Observing the Wemo Dimmer Switch
The Wemo Wi-Fi Smart Dimmer is an unassuming product. The vertically symmetrical switch has a matte finish that makes swiping across its touch strip pleasant (compared to a normal glossy light switch, meant for pushing not swiping). The indentation helps your finger find its way to the dimmer in the dark, and guides it as it slides along. The swipe control is necessary as the dimmer needs to be physically state-independent since the brightness of connected bulbs can be set via an app/voice control in addition to the dimmer itself.
The small array of white LEDs have a fun Knight Rider KITT-esque animation when the switch is toggled. The transparent plastic under the switch emanates light as part of the animation, and also doubles as a reset button for setting up the Wi-Fi switch. Pleasant. While the tactile feedback is great, the toggle switch employs a diveboard mechanism therefore it can only be pressed around the bottom 40% of the switch rather than anywhere on the surface.
When off, you can see the set brightness level, were it to be toggled on, at a glance which is handy and plus, the indicator is helpful in pitch darkness where you just have no idea where the light switch is. Minor gripe is that the small circle under the indicator lights is not lit uniformly nor is it the same color temperature as them.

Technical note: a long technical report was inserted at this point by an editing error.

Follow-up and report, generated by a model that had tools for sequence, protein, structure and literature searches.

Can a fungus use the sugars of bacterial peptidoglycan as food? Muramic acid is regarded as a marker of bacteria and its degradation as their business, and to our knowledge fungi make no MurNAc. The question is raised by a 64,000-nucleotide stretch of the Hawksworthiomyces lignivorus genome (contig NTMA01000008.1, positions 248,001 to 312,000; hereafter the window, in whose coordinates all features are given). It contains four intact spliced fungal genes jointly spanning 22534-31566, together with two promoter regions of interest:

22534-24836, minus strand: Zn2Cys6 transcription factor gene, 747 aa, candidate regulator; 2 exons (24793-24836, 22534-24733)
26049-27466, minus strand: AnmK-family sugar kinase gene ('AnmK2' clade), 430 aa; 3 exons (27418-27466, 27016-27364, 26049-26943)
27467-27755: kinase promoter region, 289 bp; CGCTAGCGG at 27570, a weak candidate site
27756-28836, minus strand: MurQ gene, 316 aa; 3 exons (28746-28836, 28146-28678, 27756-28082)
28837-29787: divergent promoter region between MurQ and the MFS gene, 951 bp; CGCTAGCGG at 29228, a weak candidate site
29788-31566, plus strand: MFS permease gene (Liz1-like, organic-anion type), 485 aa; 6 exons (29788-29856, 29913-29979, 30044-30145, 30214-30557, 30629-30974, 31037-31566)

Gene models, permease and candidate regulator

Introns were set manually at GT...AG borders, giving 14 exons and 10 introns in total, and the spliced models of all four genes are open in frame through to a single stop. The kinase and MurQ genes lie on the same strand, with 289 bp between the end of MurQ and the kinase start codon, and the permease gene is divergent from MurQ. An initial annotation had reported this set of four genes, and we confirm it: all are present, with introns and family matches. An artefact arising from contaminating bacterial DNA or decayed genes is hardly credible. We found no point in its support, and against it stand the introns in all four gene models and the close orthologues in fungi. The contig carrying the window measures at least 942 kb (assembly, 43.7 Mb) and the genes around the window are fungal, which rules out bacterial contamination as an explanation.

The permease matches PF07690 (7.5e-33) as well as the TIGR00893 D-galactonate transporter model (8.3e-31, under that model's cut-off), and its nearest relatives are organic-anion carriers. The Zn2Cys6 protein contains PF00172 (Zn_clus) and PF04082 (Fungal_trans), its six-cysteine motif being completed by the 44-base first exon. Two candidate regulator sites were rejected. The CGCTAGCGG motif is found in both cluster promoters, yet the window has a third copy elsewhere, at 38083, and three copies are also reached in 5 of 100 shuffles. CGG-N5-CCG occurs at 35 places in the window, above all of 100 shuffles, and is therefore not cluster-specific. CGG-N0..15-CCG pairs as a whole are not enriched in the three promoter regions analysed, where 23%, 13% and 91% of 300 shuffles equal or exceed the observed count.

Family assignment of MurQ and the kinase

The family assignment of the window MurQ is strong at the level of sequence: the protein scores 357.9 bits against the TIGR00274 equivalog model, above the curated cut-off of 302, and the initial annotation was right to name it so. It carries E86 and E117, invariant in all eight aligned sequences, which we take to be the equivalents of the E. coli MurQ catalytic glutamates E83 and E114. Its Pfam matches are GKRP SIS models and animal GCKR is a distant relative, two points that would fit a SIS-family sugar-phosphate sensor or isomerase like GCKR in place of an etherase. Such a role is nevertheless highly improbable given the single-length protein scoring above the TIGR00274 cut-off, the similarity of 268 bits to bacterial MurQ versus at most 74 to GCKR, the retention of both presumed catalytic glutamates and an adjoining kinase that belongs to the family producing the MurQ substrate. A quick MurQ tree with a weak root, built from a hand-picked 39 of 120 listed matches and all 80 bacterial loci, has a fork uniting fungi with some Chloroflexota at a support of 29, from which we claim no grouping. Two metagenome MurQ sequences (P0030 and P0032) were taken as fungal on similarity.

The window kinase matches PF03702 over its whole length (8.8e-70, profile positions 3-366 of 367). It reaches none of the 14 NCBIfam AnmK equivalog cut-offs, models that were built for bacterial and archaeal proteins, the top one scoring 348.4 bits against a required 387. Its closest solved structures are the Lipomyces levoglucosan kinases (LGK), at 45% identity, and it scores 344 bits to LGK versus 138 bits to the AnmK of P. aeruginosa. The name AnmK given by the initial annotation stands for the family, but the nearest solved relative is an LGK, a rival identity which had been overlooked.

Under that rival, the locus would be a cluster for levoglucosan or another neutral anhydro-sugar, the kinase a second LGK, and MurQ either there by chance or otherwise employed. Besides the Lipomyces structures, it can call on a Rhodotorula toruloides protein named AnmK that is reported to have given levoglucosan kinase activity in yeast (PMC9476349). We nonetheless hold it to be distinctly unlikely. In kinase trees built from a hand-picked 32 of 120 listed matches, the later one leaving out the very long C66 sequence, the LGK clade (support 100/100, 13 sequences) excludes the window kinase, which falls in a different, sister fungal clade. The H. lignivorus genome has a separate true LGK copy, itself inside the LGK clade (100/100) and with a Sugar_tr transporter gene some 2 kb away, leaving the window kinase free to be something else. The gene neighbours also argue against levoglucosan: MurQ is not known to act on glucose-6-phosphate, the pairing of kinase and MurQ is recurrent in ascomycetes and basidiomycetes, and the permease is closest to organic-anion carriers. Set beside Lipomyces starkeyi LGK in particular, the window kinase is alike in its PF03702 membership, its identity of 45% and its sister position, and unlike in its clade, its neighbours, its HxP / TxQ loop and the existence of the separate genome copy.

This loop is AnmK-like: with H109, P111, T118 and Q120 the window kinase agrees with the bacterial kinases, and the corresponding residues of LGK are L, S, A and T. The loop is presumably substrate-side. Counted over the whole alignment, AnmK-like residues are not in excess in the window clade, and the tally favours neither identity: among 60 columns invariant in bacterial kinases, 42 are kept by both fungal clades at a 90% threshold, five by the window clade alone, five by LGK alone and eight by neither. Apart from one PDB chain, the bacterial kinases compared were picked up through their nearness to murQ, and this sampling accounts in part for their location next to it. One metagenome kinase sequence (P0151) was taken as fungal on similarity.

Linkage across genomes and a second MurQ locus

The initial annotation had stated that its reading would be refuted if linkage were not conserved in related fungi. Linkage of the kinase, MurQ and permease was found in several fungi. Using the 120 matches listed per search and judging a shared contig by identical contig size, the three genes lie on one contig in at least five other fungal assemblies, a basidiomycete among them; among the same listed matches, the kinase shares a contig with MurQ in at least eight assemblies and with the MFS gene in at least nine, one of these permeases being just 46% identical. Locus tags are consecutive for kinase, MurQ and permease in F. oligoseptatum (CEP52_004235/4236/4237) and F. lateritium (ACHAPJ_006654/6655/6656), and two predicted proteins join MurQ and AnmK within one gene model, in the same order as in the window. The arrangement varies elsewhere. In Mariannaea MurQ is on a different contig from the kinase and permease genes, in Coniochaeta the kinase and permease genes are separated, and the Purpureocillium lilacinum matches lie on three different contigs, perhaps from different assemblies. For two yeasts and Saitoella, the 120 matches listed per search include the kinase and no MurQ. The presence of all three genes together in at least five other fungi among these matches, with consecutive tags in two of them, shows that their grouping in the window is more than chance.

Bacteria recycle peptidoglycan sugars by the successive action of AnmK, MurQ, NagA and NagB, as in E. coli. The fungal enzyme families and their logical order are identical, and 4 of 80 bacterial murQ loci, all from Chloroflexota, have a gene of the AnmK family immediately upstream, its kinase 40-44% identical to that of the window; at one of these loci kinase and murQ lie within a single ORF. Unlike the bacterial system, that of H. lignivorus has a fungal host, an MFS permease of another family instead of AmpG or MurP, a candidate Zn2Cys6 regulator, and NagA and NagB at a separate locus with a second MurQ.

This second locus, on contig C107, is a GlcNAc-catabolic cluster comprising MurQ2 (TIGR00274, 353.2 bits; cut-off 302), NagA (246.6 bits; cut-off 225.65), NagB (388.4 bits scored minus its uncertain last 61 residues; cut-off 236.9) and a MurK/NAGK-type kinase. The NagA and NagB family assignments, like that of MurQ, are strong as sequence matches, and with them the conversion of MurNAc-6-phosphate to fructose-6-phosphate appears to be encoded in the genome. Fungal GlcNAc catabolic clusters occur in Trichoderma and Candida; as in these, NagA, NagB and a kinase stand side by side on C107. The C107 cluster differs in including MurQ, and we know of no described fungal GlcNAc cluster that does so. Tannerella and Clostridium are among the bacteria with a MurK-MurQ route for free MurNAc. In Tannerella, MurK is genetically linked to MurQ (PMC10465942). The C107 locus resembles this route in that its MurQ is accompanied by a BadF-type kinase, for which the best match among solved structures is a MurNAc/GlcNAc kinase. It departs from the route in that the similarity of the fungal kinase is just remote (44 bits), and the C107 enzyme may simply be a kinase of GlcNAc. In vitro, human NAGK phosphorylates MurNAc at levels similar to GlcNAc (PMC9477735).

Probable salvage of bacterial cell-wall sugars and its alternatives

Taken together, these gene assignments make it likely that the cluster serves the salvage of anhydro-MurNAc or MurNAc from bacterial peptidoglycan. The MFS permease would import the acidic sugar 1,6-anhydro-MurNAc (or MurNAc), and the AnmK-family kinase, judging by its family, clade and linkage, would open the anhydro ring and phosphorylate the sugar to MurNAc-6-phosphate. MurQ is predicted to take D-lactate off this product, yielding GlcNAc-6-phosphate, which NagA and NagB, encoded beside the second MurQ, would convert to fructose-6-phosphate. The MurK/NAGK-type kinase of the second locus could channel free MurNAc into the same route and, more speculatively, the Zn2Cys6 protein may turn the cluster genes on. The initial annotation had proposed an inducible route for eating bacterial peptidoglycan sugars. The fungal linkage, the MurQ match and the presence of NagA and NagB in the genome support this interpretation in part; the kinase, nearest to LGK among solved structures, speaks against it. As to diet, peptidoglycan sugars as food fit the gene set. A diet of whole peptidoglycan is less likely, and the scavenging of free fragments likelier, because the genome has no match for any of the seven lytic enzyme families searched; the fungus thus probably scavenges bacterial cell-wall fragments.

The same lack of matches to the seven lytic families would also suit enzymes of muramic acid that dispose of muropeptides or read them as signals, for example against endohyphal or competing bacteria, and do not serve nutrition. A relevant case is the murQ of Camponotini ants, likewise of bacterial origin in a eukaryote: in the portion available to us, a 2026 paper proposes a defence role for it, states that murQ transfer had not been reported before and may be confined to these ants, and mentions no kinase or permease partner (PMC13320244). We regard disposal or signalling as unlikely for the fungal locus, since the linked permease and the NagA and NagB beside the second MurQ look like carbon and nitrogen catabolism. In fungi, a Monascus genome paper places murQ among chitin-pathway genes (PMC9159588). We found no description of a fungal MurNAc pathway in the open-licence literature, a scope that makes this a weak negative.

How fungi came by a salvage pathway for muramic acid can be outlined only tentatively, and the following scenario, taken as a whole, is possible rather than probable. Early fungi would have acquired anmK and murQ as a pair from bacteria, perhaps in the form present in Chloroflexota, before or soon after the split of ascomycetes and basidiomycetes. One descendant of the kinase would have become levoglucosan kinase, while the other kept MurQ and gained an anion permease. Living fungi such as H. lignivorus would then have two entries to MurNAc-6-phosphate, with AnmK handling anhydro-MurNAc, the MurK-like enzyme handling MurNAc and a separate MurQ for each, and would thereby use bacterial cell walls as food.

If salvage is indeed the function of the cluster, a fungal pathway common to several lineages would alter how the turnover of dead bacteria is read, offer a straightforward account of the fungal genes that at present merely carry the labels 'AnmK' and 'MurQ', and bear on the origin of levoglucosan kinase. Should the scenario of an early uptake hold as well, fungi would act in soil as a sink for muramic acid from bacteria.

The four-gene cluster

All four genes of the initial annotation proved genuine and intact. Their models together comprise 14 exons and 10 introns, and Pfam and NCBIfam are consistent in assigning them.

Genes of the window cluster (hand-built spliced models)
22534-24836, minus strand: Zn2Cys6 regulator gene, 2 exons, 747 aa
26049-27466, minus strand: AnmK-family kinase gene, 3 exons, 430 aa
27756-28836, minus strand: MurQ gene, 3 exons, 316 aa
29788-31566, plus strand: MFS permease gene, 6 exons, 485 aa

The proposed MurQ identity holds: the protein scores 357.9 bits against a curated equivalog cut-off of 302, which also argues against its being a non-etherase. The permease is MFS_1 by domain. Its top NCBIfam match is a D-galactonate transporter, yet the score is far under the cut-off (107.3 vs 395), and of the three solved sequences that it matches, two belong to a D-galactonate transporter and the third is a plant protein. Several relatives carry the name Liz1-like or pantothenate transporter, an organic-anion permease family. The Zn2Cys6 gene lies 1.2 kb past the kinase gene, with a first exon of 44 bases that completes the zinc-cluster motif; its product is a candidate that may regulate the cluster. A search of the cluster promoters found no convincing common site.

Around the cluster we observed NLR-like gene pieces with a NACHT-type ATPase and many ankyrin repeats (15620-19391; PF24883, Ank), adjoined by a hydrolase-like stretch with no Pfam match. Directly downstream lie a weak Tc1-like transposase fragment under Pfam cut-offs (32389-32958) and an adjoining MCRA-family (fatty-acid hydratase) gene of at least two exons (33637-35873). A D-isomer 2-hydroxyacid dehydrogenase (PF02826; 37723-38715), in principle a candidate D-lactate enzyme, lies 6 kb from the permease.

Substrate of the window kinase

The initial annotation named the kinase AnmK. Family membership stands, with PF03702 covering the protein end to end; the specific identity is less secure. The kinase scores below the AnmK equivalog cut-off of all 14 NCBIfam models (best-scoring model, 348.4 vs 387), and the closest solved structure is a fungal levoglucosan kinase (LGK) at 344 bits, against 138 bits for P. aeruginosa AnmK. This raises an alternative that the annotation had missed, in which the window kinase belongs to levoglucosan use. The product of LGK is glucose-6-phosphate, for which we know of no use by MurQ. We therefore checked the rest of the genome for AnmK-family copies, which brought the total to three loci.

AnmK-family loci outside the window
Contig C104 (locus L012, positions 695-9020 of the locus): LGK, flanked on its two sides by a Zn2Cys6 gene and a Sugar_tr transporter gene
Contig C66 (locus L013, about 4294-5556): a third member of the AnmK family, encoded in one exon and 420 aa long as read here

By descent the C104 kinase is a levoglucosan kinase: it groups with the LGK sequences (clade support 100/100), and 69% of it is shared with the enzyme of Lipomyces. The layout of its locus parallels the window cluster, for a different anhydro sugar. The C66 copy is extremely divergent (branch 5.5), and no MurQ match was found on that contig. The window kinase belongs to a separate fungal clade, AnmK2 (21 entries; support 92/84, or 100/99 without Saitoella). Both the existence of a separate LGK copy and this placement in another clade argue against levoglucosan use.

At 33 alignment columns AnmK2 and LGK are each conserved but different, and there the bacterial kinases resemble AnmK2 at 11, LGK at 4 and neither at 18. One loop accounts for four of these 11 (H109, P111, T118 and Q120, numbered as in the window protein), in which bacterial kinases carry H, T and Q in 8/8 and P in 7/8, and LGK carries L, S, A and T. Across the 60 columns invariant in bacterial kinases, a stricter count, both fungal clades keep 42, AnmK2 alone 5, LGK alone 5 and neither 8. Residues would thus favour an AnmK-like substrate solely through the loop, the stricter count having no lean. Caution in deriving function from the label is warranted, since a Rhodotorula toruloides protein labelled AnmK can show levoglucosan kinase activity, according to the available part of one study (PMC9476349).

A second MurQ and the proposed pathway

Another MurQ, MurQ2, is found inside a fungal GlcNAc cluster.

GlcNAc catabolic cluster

The biggest problem with the interaction between the user and the switch is the fact that swiping is a continuous process with extreme granularity, while the switch itself has a small discrete set of values it transitions between. You feel this disconnect and you see it in the room lighting as well as the indicator lights on the switch; where your finger has nearly infinite precision, the switch has 7 modes of brightness that it can relay to the lightbulbs it is connected to, and unfortunately it shows.
All in all, the Wemo Wi-Fi Smart Dimmer is a wonderful iteration on the humble light switch we use dozens of times daily. It's a joy to interact with due to its intuitiveness (something you would expect from a light switch) and high build quality, and there is no flaw that would prevent the dimmer from completely replacing the light switch as the new physical controller for the lights in your home.